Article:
Katie Couric under fire for allegedly slanted report on HPV vaccine
By By Meredith Blake
Dec 05, 2013 at 3:47 PM
Katie Couric may want to brush up on her reporting skills before she takes on her new role as "global anchor" at Yahoo!, according to a number of critics displeased with a report about the HPV vaccine on her syndicated talk show, "Katie."
In a segment that aired Wednesday, Couric and a panel of guests discussed the supposed controversy surrounding the vaccine, known as Gardasil, which prevents transmission of a sexually transmitted disease that affects an estimated 79 million Americans and has been linked to numerous forms of cancer, particularly cervical.
Fear-mogering marketing is one thing, but many other critics were equally displeased with the report that ultimately aired. On Twitter, New Yorker staff writer Michael Specter called the report "shameful" and said Couric had lost her credibility. Most problematic, according to detractors writing at Slate, Forbes, Time and Jezebel (as well as here at the Times), was that Couric's lineup of guests skewed heavily toward critics of the vaccine.
The panel included two women who relied solely on anecdotal evidence in making their claims — one a mother whose daughter died of indeterminate causes 18 days after receiving a Gardasil shot, the other a young woman who blamed a smattering of adverse health effects on the vaccine. They were joined by Dr. Diane Harper, who erroneously asserted that the vaccine loses its efficacy after five years even (there is "no evidence of waning protection," says the CDC). That left just one guest, Dr. Mallika Marshall, to represent the pro-vaccine side.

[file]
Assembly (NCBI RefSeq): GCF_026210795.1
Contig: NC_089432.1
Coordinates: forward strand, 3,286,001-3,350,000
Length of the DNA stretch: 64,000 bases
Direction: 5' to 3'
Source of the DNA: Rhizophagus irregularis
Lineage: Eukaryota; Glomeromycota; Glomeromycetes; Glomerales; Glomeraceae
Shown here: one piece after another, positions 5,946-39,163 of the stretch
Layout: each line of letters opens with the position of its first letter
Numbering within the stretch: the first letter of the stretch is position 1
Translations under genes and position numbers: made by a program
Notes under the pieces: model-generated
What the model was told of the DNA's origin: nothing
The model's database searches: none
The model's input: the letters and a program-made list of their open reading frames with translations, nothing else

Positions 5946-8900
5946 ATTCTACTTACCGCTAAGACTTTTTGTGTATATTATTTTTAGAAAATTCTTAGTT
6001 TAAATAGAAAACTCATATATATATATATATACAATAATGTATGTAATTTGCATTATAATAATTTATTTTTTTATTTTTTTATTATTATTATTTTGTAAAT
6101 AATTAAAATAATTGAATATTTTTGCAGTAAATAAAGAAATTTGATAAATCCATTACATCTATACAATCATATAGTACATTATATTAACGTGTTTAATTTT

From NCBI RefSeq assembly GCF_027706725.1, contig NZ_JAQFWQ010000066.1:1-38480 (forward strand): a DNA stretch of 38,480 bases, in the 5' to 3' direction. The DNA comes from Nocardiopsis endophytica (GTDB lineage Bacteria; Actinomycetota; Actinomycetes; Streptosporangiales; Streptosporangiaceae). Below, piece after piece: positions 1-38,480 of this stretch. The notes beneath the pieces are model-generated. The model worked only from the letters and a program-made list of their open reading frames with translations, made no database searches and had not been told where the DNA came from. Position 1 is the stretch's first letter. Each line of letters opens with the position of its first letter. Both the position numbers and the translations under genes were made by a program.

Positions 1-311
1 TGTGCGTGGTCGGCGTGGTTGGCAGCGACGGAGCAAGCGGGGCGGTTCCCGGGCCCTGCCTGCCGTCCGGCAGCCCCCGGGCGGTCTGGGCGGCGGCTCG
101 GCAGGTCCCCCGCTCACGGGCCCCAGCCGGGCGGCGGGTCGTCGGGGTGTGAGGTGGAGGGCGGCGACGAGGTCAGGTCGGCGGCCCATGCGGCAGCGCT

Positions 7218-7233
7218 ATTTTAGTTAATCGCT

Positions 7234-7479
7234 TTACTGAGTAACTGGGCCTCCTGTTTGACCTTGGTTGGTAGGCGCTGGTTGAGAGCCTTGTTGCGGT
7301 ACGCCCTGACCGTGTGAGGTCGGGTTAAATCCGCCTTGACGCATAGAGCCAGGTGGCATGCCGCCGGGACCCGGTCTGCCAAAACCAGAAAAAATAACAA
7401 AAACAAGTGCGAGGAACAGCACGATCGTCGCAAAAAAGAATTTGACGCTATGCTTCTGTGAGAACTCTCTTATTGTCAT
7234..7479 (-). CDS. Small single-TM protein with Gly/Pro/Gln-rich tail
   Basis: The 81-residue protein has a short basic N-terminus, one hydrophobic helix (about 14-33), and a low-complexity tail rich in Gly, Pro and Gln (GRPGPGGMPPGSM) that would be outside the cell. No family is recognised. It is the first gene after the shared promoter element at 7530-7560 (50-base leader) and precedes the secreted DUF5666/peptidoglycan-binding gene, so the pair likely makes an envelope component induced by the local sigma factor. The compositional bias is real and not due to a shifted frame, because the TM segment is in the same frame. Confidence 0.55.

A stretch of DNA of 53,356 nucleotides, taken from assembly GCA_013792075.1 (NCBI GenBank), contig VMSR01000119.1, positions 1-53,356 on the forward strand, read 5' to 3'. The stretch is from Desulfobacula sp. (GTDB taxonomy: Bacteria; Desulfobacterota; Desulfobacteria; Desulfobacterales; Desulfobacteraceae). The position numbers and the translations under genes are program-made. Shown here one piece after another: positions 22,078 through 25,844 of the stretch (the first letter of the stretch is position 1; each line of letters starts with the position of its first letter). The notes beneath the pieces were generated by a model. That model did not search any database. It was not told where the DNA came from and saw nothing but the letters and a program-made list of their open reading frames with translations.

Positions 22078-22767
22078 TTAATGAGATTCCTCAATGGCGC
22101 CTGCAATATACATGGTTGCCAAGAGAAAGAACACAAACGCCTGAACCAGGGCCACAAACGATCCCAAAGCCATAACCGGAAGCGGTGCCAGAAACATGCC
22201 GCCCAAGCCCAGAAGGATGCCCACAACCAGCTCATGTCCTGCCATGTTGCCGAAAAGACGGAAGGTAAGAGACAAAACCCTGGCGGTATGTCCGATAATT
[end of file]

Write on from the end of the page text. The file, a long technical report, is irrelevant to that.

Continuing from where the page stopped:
This lineup might have made for more dramatic television, but, according to Couric's critics, it also creates the false impression of balance when in fact there is little divide about the safety of Gardasil within the scientific community.
To some, Couric's behavior is even more problematic than McCarthy's, given her stature as a respected journalist and former network news anchor as well as her previous efforts to educate the public about the fight against cancer.